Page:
By Jim Schutze
By Rachel Watts
By Lauren Drewes Daniels
By Anna Merlan
By Lee Escobedo
"Still, there's a new guy on the scene every year. There are some real good young players. I sit at a table with eight or nine strangers; in about 15 minutes, I can tell you what everyone there can do. That's my strong point. And I'll never forget it. Let's say you and I played a hand of poker eight or nine years ago, played in the same game. I wouldn't remember your name, but believe me, I'd remember how you played your hands."
He says it simply, like it's just plain true. Maybe it isn't, maybe it's hyperbole. But if you listen to other pros talk about his style of play, his power of recall, his uncanny ability to fold good hands because he's figured out what others have based on their past play--well, you wouldn't bet on that claim being overstated.
Which is why, even though he's a dinosaur, he is still feared--because he has made something both artful and scientific look somehow easy and cutthroat. "The man in person is a puppy dog," says Lakes CEO Lyle Berman. "But he's an absolutely ferocious poker player."
How then to argue that he is one of the world's best, at least at what Fort Worth's Brunson (and Cloutier) have dubbed "the Cadillac of poker," no-limit Texas hold'em? After all, he hasn't won the big one.
Well, we could talk about his famous bluffs, the worst poker play he ever saw. We could point out that every time he's lost at the final table in the WSOP big one he had the best hand until the last card, like the crushing loss he took at the final table of the big one in 1985 to fellow Dallasite Bill Smith, the man who introduced Cloutier to his current wife.
But instead let's retell a story already considered a classic in the poker world. It's about how Cloutier won by losing at last year's big one. It's about grace in defeat. To support this decision, let's quote Andy Glazer, the sterling gambling columnist from Detroit, who wrote this following Cloutier's second-place finish at the $10K No-Limit WSOP 2000:
"In a society where money talks and b.s. walks, where the winners get not only to write the history books but also to act however they please, you can't usually point to a second-place finish as the moment in time when you can say, 'Here is when a man defined his greatness.' The final day...provided us with such a moment."
There were two players left of 512. Cloutier was one of the final two players. He was heads-up with Chris "Jesus" Ferguson, so nicknamed because he really looks like Jesus, if Jesus were fond of wearing dark shades, a cowboy hat pulled low and dancing shoes. (Long story.) Ferguson had a big chip lead, holding $4.3 million to Cloutier's $900,000, nearly a monstrous 5-to-1 difference, meaning he had much more money with which to gamble--bluff, challenge Cloutier when he raises, so on. Also, it means that even if Cloutier went all-in, putting every chip of his in the pot, Ferguson could call without losing all his chips. If you have more chips than your opponent, you only have to put in as many chips as he has to call all-in yourself.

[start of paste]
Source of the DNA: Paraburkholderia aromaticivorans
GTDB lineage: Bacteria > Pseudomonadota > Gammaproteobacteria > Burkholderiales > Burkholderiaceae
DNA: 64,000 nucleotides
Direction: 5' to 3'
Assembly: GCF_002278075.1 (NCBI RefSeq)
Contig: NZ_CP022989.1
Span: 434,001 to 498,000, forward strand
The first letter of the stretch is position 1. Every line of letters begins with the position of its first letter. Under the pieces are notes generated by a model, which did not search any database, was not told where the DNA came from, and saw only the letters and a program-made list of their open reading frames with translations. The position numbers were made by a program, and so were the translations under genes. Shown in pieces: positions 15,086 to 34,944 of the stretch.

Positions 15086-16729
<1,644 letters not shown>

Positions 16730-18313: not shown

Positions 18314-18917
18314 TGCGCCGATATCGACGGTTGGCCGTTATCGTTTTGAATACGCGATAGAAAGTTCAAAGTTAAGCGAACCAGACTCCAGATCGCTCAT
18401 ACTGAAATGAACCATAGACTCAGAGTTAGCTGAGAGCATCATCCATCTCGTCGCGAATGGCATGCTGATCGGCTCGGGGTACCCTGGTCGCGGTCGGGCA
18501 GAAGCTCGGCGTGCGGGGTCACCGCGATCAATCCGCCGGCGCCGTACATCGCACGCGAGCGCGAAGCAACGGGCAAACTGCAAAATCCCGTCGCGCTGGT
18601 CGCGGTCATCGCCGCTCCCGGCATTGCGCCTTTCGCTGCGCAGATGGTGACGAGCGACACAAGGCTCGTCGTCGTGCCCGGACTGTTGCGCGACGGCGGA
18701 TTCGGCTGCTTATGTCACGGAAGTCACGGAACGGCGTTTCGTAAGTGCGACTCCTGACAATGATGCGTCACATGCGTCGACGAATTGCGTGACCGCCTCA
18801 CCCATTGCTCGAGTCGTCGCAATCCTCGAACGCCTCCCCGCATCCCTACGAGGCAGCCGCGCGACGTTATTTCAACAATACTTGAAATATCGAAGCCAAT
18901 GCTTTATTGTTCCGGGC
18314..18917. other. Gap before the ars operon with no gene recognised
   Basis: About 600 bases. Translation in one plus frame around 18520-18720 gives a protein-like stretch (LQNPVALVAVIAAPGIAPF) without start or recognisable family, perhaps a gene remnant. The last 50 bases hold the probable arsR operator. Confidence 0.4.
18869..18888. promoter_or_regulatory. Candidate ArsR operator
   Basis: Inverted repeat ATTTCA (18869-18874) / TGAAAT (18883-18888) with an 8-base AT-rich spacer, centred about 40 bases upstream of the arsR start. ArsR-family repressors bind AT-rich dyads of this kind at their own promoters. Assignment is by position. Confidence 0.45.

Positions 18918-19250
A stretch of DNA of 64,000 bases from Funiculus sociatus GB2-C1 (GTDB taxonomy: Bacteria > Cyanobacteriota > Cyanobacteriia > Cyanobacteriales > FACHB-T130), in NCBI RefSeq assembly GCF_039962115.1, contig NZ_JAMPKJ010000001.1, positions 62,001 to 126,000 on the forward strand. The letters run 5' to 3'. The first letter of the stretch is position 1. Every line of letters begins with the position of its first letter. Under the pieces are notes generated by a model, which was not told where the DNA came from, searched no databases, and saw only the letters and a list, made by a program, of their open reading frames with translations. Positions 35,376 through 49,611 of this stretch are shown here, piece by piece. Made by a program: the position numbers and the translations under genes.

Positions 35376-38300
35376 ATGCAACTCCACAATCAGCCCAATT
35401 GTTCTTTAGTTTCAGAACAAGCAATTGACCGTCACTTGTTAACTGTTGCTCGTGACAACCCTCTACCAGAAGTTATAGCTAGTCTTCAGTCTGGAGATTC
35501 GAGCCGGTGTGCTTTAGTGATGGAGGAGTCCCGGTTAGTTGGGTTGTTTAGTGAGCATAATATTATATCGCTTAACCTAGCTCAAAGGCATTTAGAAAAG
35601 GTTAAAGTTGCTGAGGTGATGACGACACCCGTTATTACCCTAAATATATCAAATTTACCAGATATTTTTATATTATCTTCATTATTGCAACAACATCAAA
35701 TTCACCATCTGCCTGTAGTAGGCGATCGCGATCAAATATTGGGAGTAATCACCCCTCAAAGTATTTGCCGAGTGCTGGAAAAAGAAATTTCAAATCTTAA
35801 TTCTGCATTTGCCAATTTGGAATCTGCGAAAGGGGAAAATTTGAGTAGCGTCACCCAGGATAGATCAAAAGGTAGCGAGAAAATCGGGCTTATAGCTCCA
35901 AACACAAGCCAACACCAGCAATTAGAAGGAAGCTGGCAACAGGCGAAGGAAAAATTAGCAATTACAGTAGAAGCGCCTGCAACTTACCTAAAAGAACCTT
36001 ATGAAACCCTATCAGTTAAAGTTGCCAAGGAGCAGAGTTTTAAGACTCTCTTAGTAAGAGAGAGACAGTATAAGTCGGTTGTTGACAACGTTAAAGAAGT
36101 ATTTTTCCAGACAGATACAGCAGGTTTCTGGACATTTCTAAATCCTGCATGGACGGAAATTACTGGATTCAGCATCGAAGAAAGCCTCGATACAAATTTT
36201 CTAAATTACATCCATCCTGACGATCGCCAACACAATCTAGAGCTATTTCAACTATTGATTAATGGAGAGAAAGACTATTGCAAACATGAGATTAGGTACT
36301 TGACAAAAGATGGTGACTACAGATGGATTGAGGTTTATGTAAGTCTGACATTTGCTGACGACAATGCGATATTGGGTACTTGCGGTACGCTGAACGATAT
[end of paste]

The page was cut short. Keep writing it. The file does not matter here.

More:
Even playing behind, Cloutier seized control. He won three big pots, the third time making Ferguson fold when Cloutier called all-in: Cloutier had $1.4 mil; Jesus had $3.7 mil.
Then two hair-raising all-in calls, each time Cloutier has the better cards in his pocket. But both times, the pot is "chopped," meaning they each have the same best-five cards (you don't have to play both your pocket cards; you can play one or neither--best five of the seven win, no matter which five). That means they take their chips back, and it's as though the hand was never played.
Cloutier keeps at him. He takes over the chip lead, $2.9 million to $2.2 million. Ferguson comes right back and takes the lead back from him.
Then, once more, Cloutier moves all-in. Ferguson thinks about it a long time. In he goes. This is the tournament. Once again, for the third time, Cloutier has the better hand down: an ace-queen, while Ferguson turns over the ace-nine. Surely, in this, the third showdown in which Cloutier had the better cards, he would win.
The flop came two-king-four (no flush was possible). On the turn, another king. That was it. The odds were squarely with Cloutier. He could lose only if the final card was a nine, which would give Ferguson two pair--nines and kings--to Cloutier's one pair. (They shared the pair of kings showing faceup on the table, but the queen in Cloutier's hand gave him the edge.) Finally, he would be called "world champion." The only thing standing between him and the bracelet was...
The river card came nine. Jesus leapt.
Immediately, he reached over to shake Cloutier's hand. "You outplayed me."
As Jim McManus described the scene in Harper's, Cloutier's smiling, congratulatory face was shocking, considering he'd just been "harpooned in the ventricles." Glazer would write, "I wish there were two bracelets to give today."